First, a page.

Research has shown that horses react differently to being transported. Some cope well, others suffer stress, dehydration or even colic. Careful planning about your horse’s nutritional needs before, during and after the journey, can help make the journey relatively stress free.
Your horse uses the same amount of energy to travel 10 miles, as he does on a 10-mile hack. If the journey lasts longer than six hours, allow time to unload your horse and let him stretch his legs.
Where possible feed when stationary at your horse’s normal times, but feed less while travelling. Wet his feed, soak his hay or feed haylage to increase water intake and avoid dehydration.
It is essential that horses drink throughout their journey as well as on arrival at their destination. Horses are sensitive to taste, and water taste varies around the country. If travelling out of your area, take water with you.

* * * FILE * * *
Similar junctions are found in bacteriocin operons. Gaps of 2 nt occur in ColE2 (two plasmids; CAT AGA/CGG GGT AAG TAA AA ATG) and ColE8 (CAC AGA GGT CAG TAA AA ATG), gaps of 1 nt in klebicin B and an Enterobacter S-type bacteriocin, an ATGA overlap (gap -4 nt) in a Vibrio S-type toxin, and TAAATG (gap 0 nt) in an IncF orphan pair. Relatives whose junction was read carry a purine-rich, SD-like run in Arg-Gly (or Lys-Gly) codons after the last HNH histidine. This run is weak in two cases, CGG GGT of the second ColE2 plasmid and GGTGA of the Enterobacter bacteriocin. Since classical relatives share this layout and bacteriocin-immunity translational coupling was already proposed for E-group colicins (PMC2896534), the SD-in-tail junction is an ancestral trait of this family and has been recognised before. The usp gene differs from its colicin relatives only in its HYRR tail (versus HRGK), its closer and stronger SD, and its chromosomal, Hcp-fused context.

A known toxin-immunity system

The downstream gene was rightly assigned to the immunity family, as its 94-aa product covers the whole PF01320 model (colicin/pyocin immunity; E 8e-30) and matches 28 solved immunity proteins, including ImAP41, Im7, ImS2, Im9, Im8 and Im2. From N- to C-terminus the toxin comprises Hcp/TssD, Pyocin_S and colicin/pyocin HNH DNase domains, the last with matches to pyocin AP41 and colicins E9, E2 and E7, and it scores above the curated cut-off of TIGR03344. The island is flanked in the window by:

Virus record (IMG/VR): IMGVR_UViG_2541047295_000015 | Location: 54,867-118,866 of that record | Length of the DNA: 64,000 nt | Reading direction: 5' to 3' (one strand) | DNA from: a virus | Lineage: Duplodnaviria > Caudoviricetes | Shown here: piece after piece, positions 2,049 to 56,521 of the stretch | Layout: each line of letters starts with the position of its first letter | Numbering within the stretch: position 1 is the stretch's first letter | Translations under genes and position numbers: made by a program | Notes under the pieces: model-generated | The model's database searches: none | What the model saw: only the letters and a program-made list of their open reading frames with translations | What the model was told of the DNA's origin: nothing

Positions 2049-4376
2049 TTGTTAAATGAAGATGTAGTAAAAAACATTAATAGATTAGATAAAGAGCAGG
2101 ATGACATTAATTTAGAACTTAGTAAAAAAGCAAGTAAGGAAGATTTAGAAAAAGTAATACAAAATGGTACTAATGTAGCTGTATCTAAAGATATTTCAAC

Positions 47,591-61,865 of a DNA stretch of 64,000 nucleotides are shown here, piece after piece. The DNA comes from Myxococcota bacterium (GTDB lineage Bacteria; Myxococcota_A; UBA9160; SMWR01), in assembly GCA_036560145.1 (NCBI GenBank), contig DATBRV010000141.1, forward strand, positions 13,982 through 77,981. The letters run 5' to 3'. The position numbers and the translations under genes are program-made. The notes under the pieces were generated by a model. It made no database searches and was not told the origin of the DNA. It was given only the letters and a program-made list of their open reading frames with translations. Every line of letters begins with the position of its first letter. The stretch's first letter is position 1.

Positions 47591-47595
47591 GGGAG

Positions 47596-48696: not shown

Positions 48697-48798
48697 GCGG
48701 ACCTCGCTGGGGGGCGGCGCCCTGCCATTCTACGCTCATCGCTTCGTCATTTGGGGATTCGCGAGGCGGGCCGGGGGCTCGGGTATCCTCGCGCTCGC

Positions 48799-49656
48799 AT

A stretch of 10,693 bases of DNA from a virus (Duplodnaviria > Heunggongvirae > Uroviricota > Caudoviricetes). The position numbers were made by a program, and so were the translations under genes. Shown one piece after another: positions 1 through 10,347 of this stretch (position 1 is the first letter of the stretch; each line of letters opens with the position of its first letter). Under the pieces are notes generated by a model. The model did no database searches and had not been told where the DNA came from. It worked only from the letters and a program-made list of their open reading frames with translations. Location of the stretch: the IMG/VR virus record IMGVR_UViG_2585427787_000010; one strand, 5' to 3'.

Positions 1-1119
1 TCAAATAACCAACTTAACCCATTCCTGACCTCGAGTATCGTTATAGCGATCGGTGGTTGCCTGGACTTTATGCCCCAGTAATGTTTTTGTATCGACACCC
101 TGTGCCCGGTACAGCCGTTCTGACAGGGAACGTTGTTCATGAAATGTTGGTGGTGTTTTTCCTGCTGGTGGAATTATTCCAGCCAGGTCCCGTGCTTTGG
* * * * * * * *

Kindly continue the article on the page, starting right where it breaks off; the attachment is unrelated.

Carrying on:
Storage containers can alter the taste of the water – overcome this by adding Ribena, mint or apple food flavouring (two drops to a 14.5 litre bucket).
Keep replenishing with electrolytes after strenuous activity, especially if your horse continues to sweat after the event and on the journey home. If your horse only drinks water, he will continue to lose electrolytes and suffer from dehydration.
Avoid feeding hay until he has had some water and electrolytes as hay is high in potassium, but requires water for digestion.